Recent in vivo animal models studies showed the expressions of IL-8 and COX-2 had linkage to the epithelial cell which was co-infected with H. pylori. However, our preliminary study reported that there was no difference of IL-8 mRNA expression level between a cell line which was co-infected with H. pylori and the Thai gastric mucosa tissues which had positive or negative H. pylori[23,24]. The toleration, remarkable host response to cancer inflammatory process, healing of stomach mucosal turnover rate, and re-healing process of ulcer in Thais may be different and caused by host susceptible differences to the virulence bacteria.

The theory regarding inflammatory cytokine’s influence on cancer development was first contributed by Rudolph Virchow around 150 years ago[25]. Many studies regarding IL-8 gene expression remarkably found significant relation with H. pylori infection and many cag pathogenicity island both in vitro[26,27] and in some number in in vivo study of Japanese cancer[28,29]. However, no study has demonstrated differences of expression level in the individualized host[30].

In this study, Japanese gastric cancer has a lower IL-8 mRNA expression on average than that in Thai gastric cancer patients at the same stage of disease and H. pylori infection status. However, Japanese gastric adenocarcinoma cases are mostly an intestinal type and infected by positive cagA strain H. pylori. In contrast with northern Thai gastric adenocarcinoma cases, they are mostly diffuse histologic cell type, and infected by negative cagA strain H. pylori. Therefore, the authors speculate that the predominant level of IL-8 mRNA expression found in non-cagA gene H. pylori infection is not directly related to atrophic gastritis mucosa in Thai gastric cancer.

Some results in this study are unexpected outcomes and different from our recent knowledge of in vitro and in vivo study in Japanese atrophic gastric mucosa which almost easily infected by positive cagA H. pylori infection. The cagA was also the suspected cause of the IL-8 gene expression rising.

This result in Thais showed that gastric mucosal tissue IL-8 mRNA expression has a higher level in the advanced stage and poorer differentiated cell type than in favorable histology or differentiated cell type. The author was suspicious that the less atrophic background of Thai stomach cancer and non-cancer gastric mucosa may be caused by non-cagA H. pylori infection. However, the high level of mRNA IL-8 gene expression in Thai gastric cancer cases may be explained by the cancer inflammation carcinogenesis that may not be directly related to only H. pylori infection in Thais.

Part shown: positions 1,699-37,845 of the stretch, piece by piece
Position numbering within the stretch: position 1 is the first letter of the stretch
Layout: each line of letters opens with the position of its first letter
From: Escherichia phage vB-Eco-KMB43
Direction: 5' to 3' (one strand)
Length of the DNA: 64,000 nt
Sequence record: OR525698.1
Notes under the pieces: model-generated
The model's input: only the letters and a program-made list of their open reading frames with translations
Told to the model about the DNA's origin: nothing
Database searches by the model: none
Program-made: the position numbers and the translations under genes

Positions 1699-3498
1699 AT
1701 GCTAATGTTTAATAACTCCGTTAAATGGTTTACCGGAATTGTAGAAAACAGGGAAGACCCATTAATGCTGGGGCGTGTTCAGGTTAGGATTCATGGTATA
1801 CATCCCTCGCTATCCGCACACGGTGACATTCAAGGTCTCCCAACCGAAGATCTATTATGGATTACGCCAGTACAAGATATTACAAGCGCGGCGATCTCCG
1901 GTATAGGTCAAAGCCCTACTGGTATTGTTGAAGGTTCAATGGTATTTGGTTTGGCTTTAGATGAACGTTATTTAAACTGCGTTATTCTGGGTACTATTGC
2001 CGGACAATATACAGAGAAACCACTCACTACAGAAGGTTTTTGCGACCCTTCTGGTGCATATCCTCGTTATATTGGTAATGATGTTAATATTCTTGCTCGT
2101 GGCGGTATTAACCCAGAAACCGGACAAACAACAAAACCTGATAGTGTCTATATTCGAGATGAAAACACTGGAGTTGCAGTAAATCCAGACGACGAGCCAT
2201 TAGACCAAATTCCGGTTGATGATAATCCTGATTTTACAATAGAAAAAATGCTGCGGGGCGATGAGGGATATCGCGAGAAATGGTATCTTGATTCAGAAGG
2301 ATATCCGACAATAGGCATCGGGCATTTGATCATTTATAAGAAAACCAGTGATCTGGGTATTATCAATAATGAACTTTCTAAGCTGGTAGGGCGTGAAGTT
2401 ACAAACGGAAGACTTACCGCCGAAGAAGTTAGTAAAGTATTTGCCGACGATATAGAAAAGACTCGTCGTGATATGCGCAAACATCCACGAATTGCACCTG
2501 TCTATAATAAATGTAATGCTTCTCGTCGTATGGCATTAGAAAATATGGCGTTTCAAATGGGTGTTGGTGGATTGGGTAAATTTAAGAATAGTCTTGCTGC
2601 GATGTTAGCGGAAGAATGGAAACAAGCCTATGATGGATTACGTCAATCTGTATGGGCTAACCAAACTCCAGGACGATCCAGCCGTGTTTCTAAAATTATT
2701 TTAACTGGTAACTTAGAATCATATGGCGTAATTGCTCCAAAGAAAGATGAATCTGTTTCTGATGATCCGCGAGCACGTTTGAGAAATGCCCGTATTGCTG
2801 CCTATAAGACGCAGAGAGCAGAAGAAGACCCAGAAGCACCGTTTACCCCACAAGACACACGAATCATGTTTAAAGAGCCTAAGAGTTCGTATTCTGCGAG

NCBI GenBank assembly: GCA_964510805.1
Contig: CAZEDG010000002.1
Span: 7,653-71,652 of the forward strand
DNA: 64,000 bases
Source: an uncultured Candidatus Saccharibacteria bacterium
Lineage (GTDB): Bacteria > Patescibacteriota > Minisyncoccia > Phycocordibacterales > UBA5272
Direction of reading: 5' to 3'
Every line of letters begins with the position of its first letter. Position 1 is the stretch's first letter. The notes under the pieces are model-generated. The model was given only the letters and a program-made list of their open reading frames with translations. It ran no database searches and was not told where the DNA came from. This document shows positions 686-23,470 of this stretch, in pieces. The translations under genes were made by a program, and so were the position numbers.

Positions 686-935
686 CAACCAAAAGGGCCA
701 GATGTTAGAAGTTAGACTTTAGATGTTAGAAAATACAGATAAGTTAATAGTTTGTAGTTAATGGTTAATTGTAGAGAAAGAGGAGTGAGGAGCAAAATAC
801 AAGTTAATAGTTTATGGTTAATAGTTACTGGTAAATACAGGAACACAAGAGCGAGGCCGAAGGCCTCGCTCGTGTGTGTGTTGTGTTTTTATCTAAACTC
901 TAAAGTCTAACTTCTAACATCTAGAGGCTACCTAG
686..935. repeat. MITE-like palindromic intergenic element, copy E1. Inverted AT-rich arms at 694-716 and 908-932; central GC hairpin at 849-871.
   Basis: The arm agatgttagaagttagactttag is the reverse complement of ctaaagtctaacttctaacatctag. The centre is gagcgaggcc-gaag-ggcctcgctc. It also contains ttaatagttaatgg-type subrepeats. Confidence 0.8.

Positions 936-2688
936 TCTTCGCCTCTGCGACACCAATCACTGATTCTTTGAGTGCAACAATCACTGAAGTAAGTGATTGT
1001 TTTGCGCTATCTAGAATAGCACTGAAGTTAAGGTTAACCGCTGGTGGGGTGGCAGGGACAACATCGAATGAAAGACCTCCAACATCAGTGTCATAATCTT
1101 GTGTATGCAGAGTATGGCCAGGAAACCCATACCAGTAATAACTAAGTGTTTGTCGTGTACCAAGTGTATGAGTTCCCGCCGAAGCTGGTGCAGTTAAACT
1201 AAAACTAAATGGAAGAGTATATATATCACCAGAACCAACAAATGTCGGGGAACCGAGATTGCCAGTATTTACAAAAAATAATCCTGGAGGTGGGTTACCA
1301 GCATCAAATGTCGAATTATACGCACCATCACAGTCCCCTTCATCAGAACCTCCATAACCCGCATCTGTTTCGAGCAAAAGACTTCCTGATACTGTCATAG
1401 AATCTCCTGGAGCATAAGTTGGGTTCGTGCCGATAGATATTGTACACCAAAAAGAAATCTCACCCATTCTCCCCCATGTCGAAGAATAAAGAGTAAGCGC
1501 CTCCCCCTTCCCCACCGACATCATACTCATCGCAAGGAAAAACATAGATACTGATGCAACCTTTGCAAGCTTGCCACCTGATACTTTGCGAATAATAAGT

The level of IL-8 mRNA expression in Thai gastric cancer or poorly differentiated gastric carcinoma may be regulated by other factors besides of H. pylori infection. Also, unknowns remain regarding how long IL-8 mRNA expression has been high before the occurrence of gastric cancer or after becoming a more advanced stage. Although the author analyzed the level of IL-8 and COX-2 mRNA expression level in normal mucosa and of advanced gastric cancer, this occurrence could not be shown in early gastric cancer. The environmental factors and bacterial virulence effect cannot be excluded.

In this study, the signet ring cell type is predominantly found in Thai gastric cancer population. The poor prognostic histological cell type may have different disease carcinogenesis related to gastric mucosal tissue IL-8 mRNA high expression level and severity of the disease. The COX-2 mRNA expression level is directly correlated with only the H. pylori infection, and tended to be suppressed unlike IL-8 mRNA expression. The author supposed that extremely high gastric mucosal IL-8 expression level may relate to other factors, such as VEGF that could not be demonstrated in this study and should be explored further.

In conclusion, this present in vivo study shows results of new factual data on predominant gastric mucosal IL-8 mRNA expression level in Thai gastric mucosal biopsy tissues in both non-cancer and gastric cancer volunteers. In the present study, the northern Thai gastric cancer population has a high incidence of signet ring cell by the nature of histologic type. The positive H. pylori may be one of the co-factors, though the host is infected with non-cagA gene and still has an extremely high IL-8 mRNA expression level. This cytokine expression may represent the individual host defense in both high and low incidence gastric cancer ethnics. The factual results in an experimental based study demonstrated how prevalence of the northern Thai gastric cancer host had active co-infection or had been recently infected by non-cagA gene H. pylori infection. The IL-8 mRNA expression level does not directly correlate to non-cagA H. pylori infection in Thai gastric cancer. However, there is a trend of converted correlation between IL-8 mRNA expression and low ratio PG I/II without statistical significance, and it seems to be an independent correlation. By these preliminary results, the author expected to do further study on IL-8 mRNA expression that may act as one of prognostic genetic biomarkers in clinical practice and for chemotherapy application in the nearby future. A study on the current cancer chemotherapy with northern Thai gastric cancer population is on-going.